6.      Boot ESXi and Install

At this point, you can take your burned VMware ESXi 4 CD, insert it into the server and start the installation process. Like any CD that you are trying to boot, you may need to check the boot order in your BIOS or press a key (like ESC) to manually boot from the ESXi CD in the CDROM drive.

The ESXi installation process is quick and easy. It is likely that you will take all the defaults, with the only deterrent being that you should enter all the necessary network information such as:

  • Static IP address and hostname you defined in step 5
  • DNS servers and DNS suffix
  • Default gateway

For some basic step by step on the installation process with screenshots, please see my article- New VMware ESXi Server – Configuration Checklist.

7.      Initial ESXi Server Configure

To initially set up the new server, again, I am going to refer you to another of my articles that covers this step by step. Please see New VMware ESXi Server – Configuration Checklist. This will guide you through doing things like setting the root password, locking down the server, and more.

Figure 4: Configuring your new server at the console

8.      Install your vSphere Client

To manage the new server, you need to install the vSphere client. The vSphere client is used whether you purchase the vSphere Enterprise Plus Suite for thousands of dollars or if you are using the Free ESXi only.

To download and install the vSphere client, just open your web browser and enter that static IP address or hostname of the new ESXi server in the address bar. This will take you to the webpage for that server where you can download the client.

Figure 5: Downloading the vSphere client

9.      Enter your Free ESXi Activation Code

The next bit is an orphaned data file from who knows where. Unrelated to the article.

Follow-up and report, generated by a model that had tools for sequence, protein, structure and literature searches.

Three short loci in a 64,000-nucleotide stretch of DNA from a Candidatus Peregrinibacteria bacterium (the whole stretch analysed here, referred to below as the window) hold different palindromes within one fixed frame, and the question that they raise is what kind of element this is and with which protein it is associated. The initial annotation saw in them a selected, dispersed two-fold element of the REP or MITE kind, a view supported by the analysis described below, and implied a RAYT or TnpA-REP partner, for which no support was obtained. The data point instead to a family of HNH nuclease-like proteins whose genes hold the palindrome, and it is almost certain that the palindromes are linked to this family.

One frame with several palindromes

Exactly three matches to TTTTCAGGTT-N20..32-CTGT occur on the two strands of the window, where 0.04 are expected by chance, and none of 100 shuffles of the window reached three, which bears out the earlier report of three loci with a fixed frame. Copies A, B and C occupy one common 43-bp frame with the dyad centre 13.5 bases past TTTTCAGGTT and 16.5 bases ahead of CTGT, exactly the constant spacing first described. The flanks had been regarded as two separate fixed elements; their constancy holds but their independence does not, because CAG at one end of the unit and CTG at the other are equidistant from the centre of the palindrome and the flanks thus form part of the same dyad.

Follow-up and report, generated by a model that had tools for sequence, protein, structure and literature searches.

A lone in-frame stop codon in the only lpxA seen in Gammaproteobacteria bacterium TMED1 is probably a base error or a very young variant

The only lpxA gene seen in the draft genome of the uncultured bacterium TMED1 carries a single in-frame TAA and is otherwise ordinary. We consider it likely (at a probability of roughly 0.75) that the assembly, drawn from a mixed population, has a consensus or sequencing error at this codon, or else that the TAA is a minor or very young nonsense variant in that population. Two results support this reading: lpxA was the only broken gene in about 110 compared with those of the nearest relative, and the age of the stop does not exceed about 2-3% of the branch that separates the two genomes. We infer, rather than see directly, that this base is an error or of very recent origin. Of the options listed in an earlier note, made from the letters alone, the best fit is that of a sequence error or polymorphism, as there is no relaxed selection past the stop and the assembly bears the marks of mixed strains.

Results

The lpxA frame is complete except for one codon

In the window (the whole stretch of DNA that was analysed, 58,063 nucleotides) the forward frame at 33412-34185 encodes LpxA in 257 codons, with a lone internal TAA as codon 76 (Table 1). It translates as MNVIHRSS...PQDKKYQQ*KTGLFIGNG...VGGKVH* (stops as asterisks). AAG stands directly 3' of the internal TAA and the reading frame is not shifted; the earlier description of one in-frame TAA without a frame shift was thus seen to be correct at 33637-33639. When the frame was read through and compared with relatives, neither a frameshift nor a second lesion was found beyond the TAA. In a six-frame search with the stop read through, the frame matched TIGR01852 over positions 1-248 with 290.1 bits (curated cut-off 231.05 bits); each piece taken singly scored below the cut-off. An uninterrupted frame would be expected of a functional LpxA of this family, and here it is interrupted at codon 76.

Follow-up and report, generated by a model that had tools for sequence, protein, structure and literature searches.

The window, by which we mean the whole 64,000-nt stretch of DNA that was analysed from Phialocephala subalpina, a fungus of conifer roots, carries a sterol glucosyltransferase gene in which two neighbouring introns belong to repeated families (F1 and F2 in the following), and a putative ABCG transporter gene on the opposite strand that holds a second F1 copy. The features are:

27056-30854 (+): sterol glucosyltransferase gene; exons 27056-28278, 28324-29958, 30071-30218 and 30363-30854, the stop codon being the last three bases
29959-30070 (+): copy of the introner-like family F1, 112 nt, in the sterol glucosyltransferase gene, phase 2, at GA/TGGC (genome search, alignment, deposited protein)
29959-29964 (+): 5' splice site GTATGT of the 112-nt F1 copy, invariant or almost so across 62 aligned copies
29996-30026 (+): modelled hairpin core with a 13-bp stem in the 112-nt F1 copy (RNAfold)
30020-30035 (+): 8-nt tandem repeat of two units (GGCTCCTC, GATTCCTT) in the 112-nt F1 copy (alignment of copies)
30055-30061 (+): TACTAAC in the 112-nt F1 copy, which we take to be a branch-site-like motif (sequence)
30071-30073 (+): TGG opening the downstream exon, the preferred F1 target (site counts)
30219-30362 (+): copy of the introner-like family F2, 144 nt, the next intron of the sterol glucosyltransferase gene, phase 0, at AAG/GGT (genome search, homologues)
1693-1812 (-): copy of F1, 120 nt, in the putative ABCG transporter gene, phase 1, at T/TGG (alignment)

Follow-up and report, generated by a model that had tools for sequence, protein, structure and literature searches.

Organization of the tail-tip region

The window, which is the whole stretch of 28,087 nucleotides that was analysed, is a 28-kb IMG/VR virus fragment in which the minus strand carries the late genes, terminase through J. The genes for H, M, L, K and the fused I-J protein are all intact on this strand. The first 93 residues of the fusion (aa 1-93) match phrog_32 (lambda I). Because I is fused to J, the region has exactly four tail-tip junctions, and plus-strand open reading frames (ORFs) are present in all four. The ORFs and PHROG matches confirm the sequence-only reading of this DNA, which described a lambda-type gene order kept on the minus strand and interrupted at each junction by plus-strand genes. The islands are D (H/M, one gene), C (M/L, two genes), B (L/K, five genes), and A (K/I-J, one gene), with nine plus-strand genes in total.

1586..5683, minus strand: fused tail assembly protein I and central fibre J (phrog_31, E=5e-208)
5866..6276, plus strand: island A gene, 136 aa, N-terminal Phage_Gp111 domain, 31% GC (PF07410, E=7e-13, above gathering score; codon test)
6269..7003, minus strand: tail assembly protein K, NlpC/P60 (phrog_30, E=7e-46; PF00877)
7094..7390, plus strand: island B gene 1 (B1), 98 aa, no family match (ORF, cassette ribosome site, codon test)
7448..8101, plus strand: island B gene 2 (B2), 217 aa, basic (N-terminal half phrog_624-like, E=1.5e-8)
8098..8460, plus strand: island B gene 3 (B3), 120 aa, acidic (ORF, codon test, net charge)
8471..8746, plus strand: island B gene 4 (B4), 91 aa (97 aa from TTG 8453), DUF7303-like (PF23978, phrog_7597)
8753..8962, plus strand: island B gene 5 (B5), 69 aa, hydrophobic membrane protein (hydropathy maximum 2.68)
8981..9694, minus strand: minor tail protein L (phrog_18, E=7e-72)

Once your vSphere client is installed, you can connect to the hostname of your new ESXi host. When you do connect, you will get the message that your 60 day trial has started. “Hey wait!”, you say, “this was supposed to be a Free ESXi host, not a 60 day trial”. Well, to make it “free” you need to use the activation code that you see up in Figure 2.

In the vSphere client, go to the Configuration tab, then to Licensed Features and add your License Key, like this:

Figure 6: Entering your License Key

At that point, you can use this ESXi host forever at no cost!

10.  Install or Import a VM

Finally, you need some virtual machines. You can import VMs from the Virtual Appliance Marketplace by going to File > Browse Virtual Appliance Marketplace or by creating your own VM by going to File > New > Virtual Machine.

You can even convert physical machines into virtual machines using a P2V conversion application.

At this point we are all done Downloading, Installing, and getting started with the free VMware ESXi 4 server! Do not forget to document changes for your junior IT staff and educate them how to use the new virtual infrastructure. Once you spend some time using and evaluating VMware ESXi, you may want to consider a full 60 day eval of the complete vSphere suite.